I know that reading the new 376 page US “National Broadband Plan” is high on all your priority lists, but section 14 actually has some interestingly New School bits. In particular:
Recommendation 14.9: The Executive Branch, in collaboration with relevant regulatory authorities, should develop machine-readable repositories of actionable real-time information concerning cybersecurity threats in a process led by the White House Cybersecurity Coordinator.
This is a pretty clear step forward. It will be a much bigger step forward if the data shared includes evidence of effectiveness of defensive steps. Without such evidence, budget and authority are unlikely to flow, therefore, actionability requires such evidence.
Also interesting is section 14.10:
Due to the diffuse nature of cyberattacks, sharing of information is critical when responding to, mounting sufficient defenses against and remediating attacks. However, businesses are often reluctant to share information, either with other private sector entities or the government, due to worries about the potential disclosure of such an attack and related concerns about corporate liability, despite the fact that the resources necessary to successfully respond often exceed those of individual private sector organizations…To ensure that this occurs, protocols and incentives should be developed for the sharing of cybersecurity information, threats and incidents in a non-attributable manner. [Emphasis added]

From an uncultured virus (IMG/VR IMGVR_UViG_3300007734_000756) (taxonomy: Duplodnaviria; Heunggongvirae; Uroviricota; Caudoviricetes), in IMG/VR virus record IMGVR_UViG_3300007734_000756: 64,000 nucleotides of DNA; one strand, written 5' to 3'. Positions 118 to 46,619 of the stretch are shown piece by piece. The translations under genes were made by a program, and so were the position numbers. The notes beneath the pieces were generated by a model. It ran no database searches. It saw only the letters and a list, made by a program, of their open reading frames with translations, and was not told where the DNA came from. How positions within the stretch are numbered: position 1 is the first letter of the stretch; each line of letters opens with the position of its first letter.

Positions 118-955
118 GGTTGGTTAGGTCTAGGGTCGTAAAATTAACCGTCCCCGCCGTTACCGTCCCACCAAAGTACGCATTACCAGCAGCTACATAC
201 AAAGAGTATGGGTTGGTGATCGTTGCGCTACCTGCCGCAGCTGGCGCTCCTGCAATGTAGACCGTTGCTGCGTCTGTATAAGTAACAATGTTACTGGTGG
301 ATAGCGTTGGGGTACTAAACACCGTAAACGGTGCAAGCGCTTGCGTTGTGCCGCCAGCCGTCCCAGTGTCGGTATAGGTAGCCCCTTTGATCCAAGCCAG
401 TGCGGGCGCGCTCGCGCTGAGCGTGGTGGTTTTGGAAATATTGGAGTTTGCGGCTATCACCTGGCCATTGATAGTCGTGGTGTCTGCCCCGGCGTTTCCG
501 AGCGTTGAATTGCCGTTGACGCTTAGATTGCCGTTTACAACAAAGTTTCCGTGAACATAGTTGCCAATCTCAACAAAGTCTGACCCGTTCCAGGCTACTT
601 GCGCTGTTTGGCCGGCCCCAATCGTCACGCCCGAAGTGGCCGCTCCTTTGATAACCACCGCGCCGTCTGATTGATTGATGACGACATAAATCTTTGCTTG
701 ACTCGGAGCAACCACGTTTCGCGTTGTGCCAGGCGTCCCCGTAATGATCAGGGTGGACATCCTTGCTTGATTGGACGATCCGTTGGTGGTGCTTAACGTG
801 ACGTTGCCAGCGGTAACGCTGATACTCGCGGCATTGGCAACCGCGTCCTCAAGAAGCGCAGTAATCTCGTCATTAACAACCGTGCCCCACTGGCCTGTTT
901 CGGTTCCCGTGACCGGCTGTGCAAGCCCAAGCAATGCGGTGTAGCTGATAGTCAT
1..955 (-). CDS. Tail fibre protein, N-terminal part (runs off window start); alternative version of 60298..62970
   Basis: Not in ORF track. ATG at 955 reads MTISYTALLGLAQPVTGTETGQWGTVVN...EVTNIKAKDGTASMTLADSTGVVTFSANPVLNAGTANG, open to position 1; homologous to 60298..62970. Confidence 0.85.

I think this is a pretty big win in a couple of ways. 14.10 is most interesting because we’ve moved from need to share to discussions of what the blockers are. The use of the term “non-attributable” is a move forward from the typical “anonymous.” I’d prefer to see a strategy that called for protocols and incentives to overcome the problems and concerns, giving us more room for innovation and experimentation.
Is the strategy a silver bullet for information security? No, obviously not. On the other hand, these elements are (as far as I know) new in Federal strategies or plans.
Thanks to Brent Rowe for the pointer.